In my MMA career, I've trained clients outside of martial arts and boxing who enjoy the thrill of punching workouts.
Yet, during my coaching sessions at EVOLVE MMA, I often notice newcomers struggling with speed bags, revealing a gap in their training.
Drawing on my network, I teamed up with a boxing expert to enhance our speed bag training at B.A. Saiyan Transformations.
And if you want to get started today, then follow these tips on how to use a speed bag properly.
Tips For Hitting Speed Bag
When you see experienced boxers working on the speed bags, it’s quite captivating, and they certainly make it look so easy.
But if you want to avoid looking like a fool in the gym, then work with this approach.
1. Stand Square
Avoid a boxing stance like when you're hitting the heavy bag.
Instead, stand with your upper body square and close to the bag for better control.
2. Set Up The Speed Bag At Forehead Level
Hang the bag at face height to easily track its rebounds, helping maintain hand level for rhythmic control.
3. Hit The Speed Bag With Your Palms
Hit the bag with open hands for greater control over its movement.
Relaxed hands and wrists help in timing your strikes effectively.
Start with short 20–30 second sessions, gradually increasing the duration as skill and endurance improve. Ditch the boxing gloves for hand wraps for a better feel.
There’s a reason boxers spend so much time on speed bags, and it all comes down to the fact that it takes a lot of practice to get it right.
But, once you advance from the total beginners’ stage, you can start using some of these Rocky tips.
Here’s how to hit the bag like the pros.
1. Set Your Timer
For effective training, aim for 10-minute sessions on the speed bag, ideal for warm-up or cool-down, as shown in the Journal of Strength and Conditioning Research .
Use a timer to accurately track your session, focusing on technique and progressively increasing speed and intensity for optimal results.
2. Take A video
Even as a pro fighter, I often record my training sessions to analyze and refine my technique.
Therefore, record your sessions. Review the footage to spot and improve rhythmic inconsistencies.
3. Change The Rhythm
Progress beyond the basic rhythm by alternating the number of punches per hand (e.g., right-right-left-left).
Experiment with advanced techniques like double-unders and jump shots for full-body impact.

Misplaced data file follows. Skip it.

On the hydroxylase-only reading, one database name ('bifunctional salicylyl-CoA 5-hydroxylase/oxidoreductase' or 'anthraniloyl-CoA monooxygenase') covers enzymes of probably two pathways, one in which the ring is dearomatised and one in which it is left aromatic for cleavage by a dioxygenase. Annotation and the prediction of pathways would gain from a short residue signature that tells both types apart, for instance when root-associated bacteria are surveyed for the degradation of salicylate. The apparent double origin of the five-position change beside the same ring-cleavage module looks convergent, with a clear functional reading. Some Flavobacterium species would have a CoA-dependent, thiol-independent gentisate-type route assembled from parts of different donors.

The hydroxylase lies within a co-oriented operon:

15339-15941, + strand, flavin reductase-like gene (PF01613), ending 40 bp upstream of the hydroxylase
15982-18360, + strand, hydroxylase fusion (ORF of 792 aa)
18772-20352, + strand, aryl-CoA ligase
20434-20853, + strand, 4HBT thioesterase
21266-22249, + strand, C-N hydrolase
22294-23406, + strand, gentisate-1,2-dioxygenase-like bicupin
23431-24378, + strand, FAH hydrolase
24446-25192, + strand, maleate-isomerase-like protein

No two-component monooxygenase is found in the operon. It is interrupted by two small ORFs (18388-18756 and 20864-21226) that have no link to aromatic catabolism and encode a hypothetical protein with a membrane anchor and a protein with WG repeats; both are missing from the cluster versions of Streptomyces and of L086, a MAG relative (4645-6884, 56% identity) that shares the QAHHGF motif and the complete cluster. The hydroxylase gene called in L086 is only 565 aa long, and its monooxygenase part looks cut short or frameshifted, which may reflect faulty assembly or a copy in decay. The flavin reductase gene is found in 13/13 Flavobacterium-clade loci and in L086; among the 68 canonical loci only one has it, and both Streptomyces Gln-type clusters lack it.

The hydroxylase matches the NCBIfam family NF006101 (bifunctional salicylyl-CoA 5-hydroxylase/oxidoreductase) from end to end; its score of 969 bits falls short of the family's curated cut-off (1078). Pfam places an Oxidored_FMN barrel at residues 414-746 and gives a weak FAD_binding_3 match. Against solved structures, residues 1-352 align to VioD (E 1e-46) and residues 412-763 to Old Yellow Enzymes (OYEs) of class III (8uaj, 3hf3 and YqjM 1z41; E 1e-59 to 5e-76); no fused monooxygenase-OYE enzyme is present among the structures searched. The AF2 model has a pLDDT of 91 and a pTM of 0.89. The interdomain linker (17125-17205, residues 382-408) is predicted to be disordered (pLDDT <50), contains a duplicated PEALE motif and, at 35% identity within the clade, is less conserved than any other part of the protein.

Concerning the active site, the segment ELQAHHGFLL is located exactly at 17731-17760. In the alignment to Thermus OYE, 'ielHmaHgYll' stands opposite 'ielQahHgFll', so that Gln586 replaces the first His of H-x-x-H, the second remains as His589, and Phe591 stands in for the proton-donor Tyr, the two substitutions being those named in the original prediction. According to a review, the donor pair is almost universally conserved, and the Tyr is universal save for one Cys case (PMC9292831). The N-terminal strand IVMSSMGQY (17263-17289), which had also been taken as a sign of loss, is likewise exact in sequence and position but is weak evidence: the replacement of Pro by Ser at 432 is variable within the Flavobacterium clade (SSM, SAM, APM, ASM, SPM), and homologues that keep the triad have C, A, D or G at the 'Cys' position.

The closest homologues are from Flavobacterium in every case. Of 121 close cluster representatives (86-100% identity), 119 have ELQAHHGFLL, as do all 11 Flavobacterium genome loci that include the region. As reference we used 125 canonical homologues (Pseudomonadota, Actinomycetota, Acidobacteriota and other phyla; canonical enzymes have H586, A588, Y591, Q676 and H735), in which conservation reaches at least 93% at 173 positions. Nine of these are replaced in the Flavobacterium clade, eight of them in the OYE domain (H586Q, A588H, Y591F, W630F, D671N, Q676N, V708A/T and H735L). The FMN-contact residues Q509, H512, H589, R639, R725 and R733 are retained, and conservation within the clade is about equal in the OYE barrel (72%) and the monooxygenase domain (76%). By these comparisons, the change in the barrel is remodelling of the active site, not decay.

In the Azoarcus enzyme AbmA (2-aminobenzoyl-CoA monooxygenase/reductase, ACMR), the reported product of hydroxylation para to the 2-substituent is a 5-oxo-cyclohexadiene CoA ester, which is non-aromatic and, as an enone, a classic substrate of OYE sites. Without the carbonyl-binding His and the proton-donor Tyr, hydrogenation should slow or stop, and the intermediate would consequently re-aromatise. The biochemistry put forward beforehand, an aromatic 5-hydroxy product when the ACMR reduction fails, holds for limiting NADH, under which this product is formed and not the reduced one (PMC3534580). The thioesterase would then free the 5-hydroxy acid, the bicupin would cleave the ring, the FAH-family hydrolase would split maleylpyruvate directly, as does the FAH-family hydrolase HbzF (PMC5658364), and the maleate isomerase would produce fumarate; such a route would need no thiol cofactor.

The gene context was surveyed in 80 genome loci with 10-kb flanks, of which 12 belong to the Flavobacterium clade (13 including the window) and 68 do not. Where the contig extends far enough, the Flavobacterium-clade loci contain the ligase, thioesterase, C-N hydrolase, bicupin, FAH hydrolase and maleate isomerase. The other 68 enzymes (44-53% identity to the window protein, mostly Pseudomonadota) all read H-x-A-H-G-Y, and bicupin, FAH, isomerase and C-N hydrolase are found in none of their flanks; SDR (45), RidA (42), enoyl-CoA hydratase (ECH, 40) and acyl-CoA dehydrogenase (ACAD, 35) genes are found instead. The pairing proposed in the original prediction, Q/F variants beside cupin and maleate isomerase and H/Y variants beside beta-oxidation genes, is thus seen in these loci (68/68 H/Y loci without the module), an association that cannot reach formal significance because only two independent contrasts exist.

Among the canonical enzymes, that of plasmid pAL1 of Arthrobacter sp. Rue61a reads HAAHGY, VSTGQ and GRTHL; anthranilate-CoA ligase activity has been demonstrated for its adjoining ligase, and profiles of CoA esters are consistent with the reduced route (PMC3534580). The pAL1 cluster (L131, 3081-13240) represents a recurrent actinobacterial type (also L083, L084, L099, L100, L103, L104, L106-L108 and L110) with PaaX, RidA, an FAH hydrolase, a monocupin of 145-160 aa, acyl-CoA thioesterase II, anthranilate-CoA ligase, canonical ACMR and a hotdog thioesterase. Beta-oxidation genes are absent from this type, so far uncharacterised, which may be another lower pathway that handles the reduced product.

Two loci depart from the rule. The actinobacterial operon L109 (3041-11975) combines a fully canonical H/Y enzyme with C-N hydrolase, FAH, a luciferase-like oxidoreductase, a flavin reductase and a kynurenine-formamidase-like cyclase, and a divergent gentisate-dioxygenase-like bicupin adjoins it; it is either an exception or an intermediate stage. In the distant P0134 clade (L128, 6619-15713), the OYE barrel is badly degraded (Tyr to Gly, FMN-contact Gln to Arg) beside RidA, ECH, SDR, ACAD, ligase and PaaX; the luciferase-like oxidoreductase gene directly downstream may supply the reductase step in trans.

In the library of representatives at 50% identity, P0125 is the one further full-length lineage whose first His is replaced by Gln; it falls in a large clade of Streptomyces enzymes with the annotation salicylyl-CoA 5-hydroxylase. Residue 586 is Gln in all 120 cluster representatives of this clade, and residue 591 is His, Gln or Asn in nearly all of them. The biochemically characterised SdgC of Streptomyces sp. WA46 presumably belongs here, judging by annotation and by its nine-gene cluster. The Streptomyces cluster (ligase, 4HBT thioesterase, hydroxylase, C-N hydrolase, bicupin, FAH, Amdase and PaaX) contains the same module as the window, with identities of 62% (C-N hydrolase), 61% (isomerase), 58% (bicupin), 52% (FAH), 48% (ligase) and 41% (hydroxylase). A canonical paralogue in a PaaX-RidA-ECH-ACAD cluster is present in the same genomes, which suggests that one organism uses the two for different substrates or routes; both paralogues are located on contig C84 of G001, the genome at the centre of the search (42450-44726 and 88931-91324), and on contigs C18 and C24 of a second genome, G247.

They boost coordination but watch your force; too much can mess up the rhythm and risk injury.
Speed Bag Training Routines
Here are four very different and concise speed bag workouts that help you learn technique and skills.
It’s all about precision as you hit the bag.
- Use a small bag at head height, fully inflated for extra bounce.
- Start with slow knuckle punches, aiming for a straight bounce.
- Try off-center hits to change the rebound angle.
- Circle the bag, keeping a consistent rhythm, and return to the start.
It’s kind of obvious for speed bag exercises, but most people struggle to increase the speed of their strikes.
- Time 30-second sessions.
- Maintain a steady rhythm you can handle.
- Count punches and aim to add one more each session, building skill and endurance.
From my fighting experience, I can attest to the American Heart Association's claim about the benefits of punching bag workouts for strength and stamina .
But there is one technique that can really help improve your stamina:
- Punch for steady one-minute intervals.
- Do four sets with 20-second rests.
- Gradually extend each set by 15 seconds, aiming for 3-minute sets.
This is a very different type of exercise and more of a shoulder training exercise to increase your punching power.
- Partially deflate the bag.
- Adopt a boxing stance.
- Hit hard with one fist, counting rebounds.
- Track performance over time for each punch type.
Benefits of Hitting A Speed Bag
There are a few great advantages you gain when you hit the speed bag several times a week.
- Low Impact Cardio. Speed bag training has a low impact, boosting circulation and heart rate without stressing the body. It's more about technique and speed than power, making it perfect for a warm-up routine.
- Hand-Eye Coordination. Beginners might struggle with coordination, but regular practice enhances reflexes and punch precision. Keep the bag at eye level to focus on visual tracking, not just punching.
- Maintaining High Hands. Speed bag training reinforces keeping your hands up, a key boxing technique. It's a common corrective exercise in boxing gyms for improving guard stance.
“The speed bag doesn’t achieve one, singular goal. It isn’t just about eye-hand coordination or speed. When it is used correctly, it can provide some beneficial edges that other pieces of equipment don’t.”
- Dough Ward, Boxing trainer, & Contributor at TitleBoxing.com
Is a Speed Bag a Good Workout?
Yes, a speed bag is a good workout. A speed bag workout is not just for improving eye to fist coordination, but you can also use it as a great cardio trainer with low impact on joints. Professionals also adapt the use to increase their stamina and strength.
How Long Should You Hit the Speed Bag For?
You should hit a speed bag for at least 5 minutes. Most boxers will aim for 10 minutes to warm up their muscles and regularly go through drills in between other types of workouts.
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